What Kinds of Tobaccos Typically Come In Flake Form?

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gamzultovah

Lifer
Aug 4, 2019
2,466
13,672
Back to the thread topic, it's a good question and something I never really thought of till now.

Why not have all blends in Flake format, if say the most popular blends from one company are flakes?

Aside from ribbon cut being more convenient, and easier to sell to the mass market, is there anybody who feels Flake tobacco's are significantly better than other cuts?
No.
 

thebigragu

Can't Leave
Aug 31, 2019
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Needs of the Army
I believe what you are referring to is called “Palate Fatigue”. This happens to me quite often and yes, chamber diameter does play a role. I cannot smoke a red Virginia in a pipe with a large chamber and relegate that genre to only my smallest pipes. On another note: most of the gentlemen on this forum are avid tobacco enthusiasts who smoke copious amounts per day. All of this plays into their experience vs yours, some newbies or mine. Hence the earlier admonition that what you are asking can only be answered by that person’s subjective opinion.
Yes that is what I was referring to. Yes many of the members here are avid pipe enthusiasts, but I posted this more so for those new comers here.
 

thebigragu

Can't Leave
Aug 31, 2019
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Needs of the Army
Back to the thread topic, it's a good question and something I never really thought of till now.

Why not have all blends in Flake format, if say the most popular blends from one company are flakes?

Aside from ribbon cut being more convenient, and easier to sell to the mass market, is there anybody who feels Flake tobacco's are significantly better than other cuts blends Just don’t work as well being pressed into flake.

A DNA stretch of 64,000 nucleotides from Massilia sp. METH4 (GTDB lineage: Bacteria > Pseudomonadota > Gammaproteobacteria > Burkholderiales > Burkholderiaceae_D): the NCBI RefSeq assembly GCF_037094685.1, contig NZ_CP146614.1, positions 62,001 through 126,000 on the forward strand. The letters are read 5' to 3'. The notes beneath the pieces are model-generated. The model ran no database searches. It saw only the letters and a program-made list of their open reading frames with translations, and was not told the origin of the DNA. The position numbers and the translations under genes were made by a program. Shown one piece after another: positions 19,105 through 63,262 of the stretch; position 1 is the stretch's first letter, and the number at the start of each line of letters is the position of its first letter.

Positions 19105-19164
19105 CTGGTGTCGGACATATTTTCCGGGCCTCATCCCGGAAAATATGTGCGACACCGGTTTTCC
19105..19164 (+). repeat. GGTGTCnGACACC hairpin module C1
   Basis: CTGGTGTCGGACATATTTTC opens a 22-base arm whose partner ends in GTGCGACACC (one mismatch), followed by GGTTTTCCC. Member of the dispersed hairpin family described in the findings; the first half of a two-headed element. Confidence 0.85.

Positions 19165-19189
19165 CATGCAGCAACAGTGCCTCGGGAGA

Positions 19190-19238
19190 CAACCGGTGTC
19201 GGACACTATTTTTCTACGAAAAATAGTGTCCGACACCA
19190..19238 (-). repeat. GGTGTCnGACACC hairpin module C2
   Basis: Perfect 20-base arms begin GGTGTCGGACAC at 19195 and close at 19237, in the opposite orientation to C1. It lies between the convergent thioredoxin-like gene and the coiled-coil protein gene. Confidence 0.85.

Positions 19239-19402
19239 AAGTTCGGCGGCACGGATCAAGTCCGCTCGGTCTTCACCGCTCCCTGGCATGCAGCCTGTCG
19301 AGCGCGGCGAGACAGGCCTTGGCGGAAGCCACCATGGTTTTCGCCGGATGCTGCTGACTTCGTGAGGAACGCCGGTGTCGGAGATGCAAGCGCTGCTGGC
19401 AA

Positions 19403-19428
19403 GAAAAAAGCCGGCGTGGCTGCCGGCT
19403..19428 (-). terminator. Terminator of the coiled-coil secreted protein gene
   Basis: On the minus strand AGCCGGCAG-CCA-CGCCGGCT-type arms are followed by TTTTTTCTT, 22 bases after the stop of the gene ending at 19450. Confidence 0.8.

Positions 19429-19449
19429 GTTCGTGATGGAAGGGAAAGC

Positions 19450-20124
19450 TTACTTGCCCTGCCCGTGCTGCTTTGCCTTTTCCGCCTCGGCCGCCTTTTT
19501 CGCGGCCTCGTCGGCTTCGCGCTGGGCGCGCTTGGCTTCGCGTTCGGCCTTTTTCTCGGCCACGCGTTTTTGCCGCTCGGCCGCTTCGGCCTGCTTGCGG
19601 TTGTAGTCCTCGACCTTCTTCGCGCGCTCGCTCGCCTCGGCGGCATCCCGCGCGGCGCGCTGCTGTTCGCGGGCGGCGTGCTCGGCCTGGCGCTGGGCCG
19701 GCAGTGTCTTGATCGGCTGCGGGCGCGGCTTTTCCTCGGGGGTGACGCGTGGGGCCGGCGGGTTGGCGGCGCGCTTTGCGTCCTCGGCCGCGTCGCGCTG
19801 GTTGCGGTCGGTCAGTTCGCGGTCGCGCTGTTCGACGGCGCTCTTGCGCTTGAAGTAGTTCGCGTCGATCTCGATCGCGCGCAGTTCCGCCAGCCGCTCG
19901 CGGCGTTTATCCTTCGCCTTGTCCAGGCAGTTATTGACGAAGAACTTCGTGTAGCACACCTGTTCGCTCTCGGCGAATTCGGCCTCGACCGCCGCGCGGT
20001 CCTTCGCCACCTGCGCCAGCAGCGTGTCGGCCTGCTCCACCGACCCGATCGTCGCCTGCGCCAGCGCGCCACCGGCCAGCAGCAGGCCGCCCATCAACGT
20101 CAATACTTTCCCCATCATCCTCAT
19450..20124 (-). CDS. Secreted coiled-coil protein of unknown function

I personally feel some blends wouldn’t work to well being pressed into flakes, but again that’s just me.
 
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Aug 9, 2013
29,332
53,098
Helena, Alabama
Traditionally virginias were straight virginia tobaccos, though that has been changing. The addition of perique is a noteworthy complement, adding a distinctive aroma and flavor, while also serving to intensify the richness and intensity of the flavor. Perique also serves to cut bite. Escudo and Three Nuns pioneered the addition of perique into popularity.

The addition of burley to virginias is relatively recent and has become common in the old rope, twist and bar tobaccos, supplanting the heavier-grade, bottom-of-the plant virginias to provide the requisite nicotine kick. It also is used in the lighter Northern European tobacco blends. Also recent is the pressing of traditional English mixtures into form, pioneered by Bengal Slices, and continued by McClelland and Esoterica. So today a tobacco can contain almost any kind of tobacco.